What we've covered in these slides makes up what I would call basic monetary literacy. If you followed along, you'll have a much better idea of what money is and where it comes from. You're free to ask why you weren't taught that at school. Indeed, if you're stil at school, or have children who are, go ahead and ask them directly.
You should also see that the world around us is really not as we're led to believe. Our relationships to banks, to the 'lending' rich and to money itself are not as democratic as they should be.
Because money comes into and out of existence as we need it, anybody (and any government) could have access to money/debt without the belief or claim that money is being 'loaned'. Money is wholly democratic, but, as it stands, we allow banks to pass the process of money creation off as 'lending'. Allowing that to happen means that money is taken away from democracy and into the hands of a non-democratic ruling few.
The terrible fact is that, as we have it, money circulates as the property of a ruling elite, at their discretion (put it in, take it away 'cycles'), as an interst bearing debt to them (i.e. a tribute economy). The rest of us will live and die 'subject' to that. That's trillions of dollars of predatory, boom-bust economics and interest taking that is anti-democratic and simply shouldn't exist.
Today, the injustice of our divided economic world transfers trillions of dollars in power and profit to a few every year, whilst everyone else on the planet must live, suffer and, sadly, die, in comparative and often abject rightslessness/dependency. This is not real economics.
None of it is natural and none of it is necessary. Money itself is a commonly inherited technology or facility: our common currencies are common credit platforms upon which none should be excluded and none exploited. With only basic monetary literacy, every person and every government on Earth could have access to money/debt free of the belief or claim that money is being "loaned". Human rights demands it.
We've seen that money is relational, that, quite apart from it being hewn from the Earth, money is socially constructed and is given its life in society and law.
Money is a commonly tradeable, anonymous record of outstanding debt. We can also say that money is 'creditary' (the word 'credit' means debt here) or 'promissory', as in 'promise to pay'. All these words reference the same thing: the debt-based nature of money.
Being debt, money comes into being when we need it, when we go into debt - simply as a numerical record of that debt. Conversely, when we recover money and repay our debts, the process is reversed and money ceases to be again.
What we have, then, is a common credit platform upon which money exists only to occupy the space between giving and receiving. Banks are not 'lending' and you, me and our governments are not 'borrowing' when we go into debt.
Just like us, when governments deficit (debt) spend, they don't actually 'borrow' anyone else's money either. Money is simply created. Further, when that money is spent within the home economy, it is called a 'debt' by convention only; it's really a "debt we owe ourselves", hence is not a debt at all. Internationally, nations also benefit from a common credit platform upon which debt is facilitated by mere record keeping, not by 'borrowing'.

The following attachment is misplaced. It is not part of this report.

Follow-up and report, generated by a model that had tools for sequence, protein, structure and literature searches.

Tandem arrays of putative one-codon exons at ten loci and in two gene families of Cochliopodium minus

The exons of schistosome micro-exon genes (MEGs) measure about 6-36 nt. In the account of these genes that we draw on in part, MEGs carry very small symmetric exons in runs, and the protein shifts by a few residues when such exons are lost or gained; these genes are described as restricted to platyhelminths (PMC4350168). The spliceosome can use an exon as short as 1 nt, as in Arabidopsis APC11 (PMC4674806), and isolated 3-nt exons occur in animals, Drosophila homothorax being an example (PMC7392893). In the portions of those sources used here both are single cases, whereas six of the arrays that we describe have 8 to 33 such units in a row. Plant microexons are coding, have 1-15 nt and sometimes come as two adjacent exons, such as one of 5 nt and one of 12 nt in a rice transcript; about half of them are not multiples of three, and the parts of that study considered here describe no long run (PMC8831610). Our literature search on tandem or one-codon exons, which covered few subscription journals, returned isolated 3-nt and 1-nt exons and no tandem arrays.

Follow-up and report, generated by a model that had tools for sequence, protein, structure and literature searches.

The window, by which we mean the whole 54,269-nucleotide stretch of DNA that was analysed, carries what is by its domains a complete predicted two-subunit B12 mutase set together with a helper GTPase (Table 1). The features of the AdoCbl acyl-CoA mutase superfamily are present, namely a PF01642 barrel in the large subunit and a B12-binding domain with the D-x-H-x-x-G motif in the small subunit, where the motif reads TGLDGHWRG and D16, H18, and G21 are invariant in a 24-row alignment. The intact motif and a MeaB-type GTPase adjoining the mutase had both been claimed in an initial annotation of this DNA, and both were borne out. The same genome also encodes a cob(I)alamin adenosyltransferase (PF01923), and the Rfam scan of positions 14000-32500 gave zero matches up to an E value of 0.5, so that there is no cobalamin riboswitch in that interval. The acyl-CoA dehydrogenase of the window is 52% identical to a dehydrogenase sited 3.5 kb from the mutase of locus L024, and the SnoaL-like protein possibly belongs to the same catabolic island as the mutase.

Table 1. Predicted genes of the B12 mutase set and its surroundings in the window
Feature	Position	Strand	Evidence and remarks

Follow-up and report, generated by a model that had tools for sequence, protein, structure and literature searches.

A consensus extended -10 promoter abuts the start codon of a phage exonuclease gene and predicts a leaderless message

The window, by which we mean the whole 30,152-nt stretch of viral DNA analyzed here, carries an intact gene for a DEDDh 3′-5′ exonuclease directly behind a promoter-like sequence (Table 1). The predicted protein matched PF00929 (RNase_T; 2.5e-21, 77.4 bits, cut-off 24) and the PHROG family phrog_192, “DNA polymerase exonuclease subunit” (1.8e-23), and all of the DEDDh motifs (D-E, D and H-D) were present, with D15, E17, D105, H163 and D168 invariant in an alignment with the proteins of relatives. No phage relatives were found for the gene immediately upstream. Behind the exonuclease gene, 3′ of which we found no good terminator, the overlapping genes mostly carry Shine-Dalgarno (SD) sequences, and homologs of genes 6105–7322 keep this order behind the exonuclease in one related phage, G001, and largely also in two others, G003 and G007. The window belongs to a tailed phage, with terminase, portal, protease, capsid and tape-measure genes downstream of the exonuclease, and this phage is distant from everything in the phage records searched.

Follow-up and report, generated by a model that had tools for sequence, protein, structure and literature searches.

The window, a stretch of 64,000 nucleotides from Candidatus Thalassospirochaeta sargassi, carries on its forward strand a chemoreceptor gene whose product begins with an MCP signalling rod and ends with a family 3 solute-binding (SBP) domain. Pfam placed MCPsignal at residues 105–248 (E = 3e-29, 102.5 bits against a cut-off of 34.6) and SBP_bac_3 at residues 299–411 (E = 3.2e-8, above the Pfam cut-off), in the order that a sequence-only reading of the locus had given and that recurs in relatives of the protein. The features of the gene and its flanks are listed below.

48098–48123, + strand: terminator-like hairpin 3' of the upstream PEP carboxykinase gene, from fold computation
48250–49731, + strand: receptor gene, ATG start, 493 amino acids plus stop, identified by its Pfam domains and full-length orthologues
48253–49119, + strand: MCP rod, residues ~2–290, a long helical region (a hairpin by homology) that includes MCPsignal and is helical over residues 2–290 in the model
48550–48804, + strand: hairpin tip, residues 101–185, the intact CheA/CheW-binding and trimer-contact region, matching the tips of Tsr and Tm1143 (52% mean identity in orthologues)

It's inaccurate and gravely detrimental to the entire global economy to perceive banks as 'lenders'. Rather than standing on the other side of a lender-borrower divide, banks are really 'credit agents' or glorified 'credit accountants'; their role is to record into being and then facilitate the circulation and eventual settlement of our debts. Banks really stand on the same side as debtors, next in line in the responsibility to honor those debts - that is, to pay money out of existence again.
Money, debt and banking are very different from their common portrayal. Seen clearly, they lose their imposing character and can be identified as remarkable tools for universal economic participation, for universal economic rights.
We'll go into more detail and find many more fascinating things to say about money. You can read about mortgage debt and sovereign debt in the Understanding Money section and you can read Bite-Size pieces on important matters of money theory - including my little take on the basics of capitalist economics. I also show you how capitalist banks account for the creation of money and how it might more properly be performed.
Over to us
What kind of world do we want to live in, one built on literacy and rights, or an ongoing dark age world where illiteracy is fostered in the many so they can be excluded and exploited for the power and profit of a few?
All that is required to change it is basic monetary literacy - so that's what we're here to promote. If it's something you support, then please join our campaign for:
The teaching of basic monetary literacy in schools.
The recognition and protection of the right to basic monetary literacy in human rights law.
The request to revisit household debt and public debt the world over.
You may also be interested in our sister campaign Action on Education; a fight for children's educational rights in schools.